As a family office, your number one priority is straightforward; define an asset allocation strategy, then preserve and grow wealth for the high net worth family you represent. While most family offices take a multi-asset class approach to maintain a diversified portfolio, our experience tells us that many investment officers neglect the opportunities in the forex market.
The forex market isn’t just for banks, multinational corporations and speculators. This article will explain why your family office shouldn’t overlook the forex market and some of the approaches you can take to seek investment opportunities from the forex market.
According to The Global Family Office Report 2020, published by UBS, family office funds’ are allocated to global equities (29%), fixed income products (17%), private equity (16%), real estate (14%), and cash equivalents (13%). The remaining 11% consists of allocations to hedge funds, precious metals and arts & antiques.
Each of the assets classes mentioned above requires holding long term positions and bullish conditions for capital gains. Unlike most markets, forex trading strategies do not rely on bullish market conditions for upside. Rather, adept traders thrive on volatility. No matter what economic situation we face, there will always be a disparity between the value of national currencies, ensuring an almost constant stream of trading opportunities.
According to Amazon’s Form 10-K for the fiscal year ended December 31, 2020, changes in foreign currency exchange rates impacted the company’s net USD sales negatively by $2.6 billion in 2019 and positively by $1.4 billion in 2020. These figures emphasise how important it is to manage foreign exchange risks and how optimisation can lead to profit rather than loss.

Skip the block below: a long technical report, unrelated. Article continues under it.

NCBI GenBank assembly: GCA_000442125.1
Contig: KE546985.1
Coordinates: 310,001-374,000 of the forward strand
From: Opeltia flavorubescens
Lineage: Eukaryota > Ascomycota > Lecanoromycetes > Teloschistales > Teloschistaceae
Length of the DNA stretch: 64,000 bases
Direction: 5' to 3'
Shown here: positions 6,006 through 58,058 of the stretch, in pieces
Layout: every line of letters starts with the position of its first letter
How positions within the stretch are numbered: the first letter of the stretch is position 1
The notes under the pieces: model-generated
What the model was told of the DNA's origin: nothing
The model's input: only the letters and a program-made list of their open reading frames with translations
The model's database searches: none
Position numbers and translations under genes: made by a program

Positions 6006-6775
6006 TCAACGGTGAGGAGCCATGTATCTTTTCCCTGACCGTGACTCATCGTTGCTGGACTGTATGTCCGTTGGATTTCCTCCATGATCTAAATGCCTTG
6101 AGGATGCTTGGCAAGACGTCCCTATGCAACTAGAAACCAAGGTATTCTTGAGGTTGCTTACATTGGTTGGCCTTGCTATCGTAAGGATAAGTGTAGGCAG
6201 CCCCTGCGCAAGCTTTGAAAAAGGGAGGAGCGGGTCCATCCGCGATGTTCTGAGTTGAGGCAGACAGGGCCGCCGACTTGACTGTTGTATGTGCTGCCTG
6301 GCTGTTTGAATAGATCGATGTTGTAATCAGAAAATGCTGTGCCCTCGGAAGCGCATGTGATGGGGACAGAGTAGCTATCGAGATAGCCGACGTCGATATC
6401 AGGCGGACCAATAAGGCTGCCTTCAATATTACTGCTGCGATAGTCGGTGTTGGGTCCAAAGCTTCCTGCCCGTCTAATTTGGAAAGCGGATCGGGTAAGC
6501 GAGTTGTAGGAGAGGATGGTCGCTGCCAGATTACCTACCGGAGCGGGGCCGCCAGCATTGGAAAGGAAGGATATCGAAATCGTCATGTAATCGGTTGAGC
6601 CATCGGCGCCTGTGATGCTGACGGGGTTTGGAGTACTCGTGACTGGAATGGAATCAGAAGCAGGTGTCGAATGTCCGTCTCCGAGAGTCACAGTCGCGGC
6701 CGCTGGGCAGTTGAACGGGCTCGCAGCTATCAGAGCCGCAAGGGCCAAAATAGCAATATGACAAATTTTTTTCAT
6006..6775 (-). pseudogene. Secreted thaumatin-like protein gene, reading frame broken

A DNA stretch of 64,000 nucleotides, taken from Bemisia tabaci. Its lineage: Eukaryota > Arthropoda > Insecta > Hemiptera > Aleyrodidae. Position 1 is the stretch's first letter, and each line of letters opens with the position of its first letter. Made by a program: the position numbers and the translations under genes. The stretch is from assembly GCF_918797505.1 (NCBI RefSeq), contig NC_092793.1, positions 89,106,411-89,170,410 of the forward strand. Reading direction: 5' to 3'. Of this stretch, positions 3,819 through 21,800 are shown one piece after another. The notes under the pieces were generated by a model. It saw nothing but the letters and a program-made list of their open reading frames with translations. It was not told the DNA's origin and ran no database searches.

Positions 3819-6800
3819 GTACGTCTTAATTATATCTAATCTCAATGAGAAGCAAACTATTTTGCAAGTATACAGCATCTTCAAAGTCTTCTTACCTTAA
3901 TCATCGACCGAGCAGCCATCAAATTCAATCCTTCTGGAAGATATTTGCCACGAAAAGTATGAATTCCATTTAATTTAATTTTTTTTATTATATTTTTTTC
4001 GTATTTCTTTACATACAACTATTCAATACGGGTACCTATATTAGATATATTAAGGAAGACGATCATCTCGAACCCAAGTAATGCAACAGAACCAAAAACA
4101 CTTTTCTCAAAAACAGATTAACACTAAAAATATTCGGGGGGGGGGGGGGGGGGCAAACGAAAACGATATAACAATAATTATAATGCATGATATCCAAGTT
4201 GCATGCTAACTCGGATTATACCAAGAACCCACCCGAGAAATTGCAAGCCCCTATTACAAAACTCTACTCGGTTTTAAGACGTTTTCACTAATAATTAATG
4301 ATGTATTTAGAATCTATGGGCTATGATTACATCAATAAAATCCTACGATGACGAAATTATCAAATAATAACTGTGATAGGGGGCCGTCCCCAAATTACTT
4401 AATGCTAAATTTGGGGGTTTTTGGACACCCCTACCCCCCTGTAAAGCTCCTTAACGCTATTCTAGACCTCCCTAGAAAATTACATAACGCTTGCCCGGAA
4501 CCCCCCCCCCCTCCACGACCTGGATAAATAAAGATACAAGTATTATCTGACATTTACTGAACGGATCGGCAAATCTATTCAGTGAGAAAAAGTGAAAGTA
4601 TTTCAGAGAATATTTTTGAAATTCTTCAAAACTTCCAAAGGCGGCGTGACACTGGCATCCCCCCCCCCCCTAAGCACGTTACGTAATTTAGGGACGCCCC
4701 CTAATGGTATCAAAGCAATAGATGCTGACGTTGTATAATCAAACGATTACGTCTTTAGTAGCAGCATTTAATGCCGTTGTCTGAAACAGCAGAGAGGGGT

Unfortunately, many family offices see foreign exchange as a risk threatening their ROI rather than an asset class with profit-making opportunities. Trading forex is a hands-on, fast-paced activity requiring expertise that presumably most lack family offices. Fortunately, there is outside help from various asset managers in the forex space.
In the forex asset management space, there are tens of thousands of money managers promising the impossible. It can be hard to see the genuine artefact against a backdrop of those either faking or deluded.
One thing is for sure, running a consistently profitable trading strategy is tough but not impossible. At Scandinavian Capital Markets, we proactively seek successful traders. Our asset managers operate manual swing and position strategies, and also algorithmic and quantitative systems running scalping and day trading strategies. As a brokerage firm, we cater to any trading strategy and help clients build the best forex liquidity feeds. In several instances, through our assistance, we have transformed regular clients into profitable asset managers for our investors and partners.
18% of family offices consider currency risk in their portfolio to be high. A further 26% consider currency risk to be moderate. Considering family offices allocate the majority of their investments to global equities and fixed income, it’s reasonable to assume they’re significantly exposed to US dollar-denominated equities.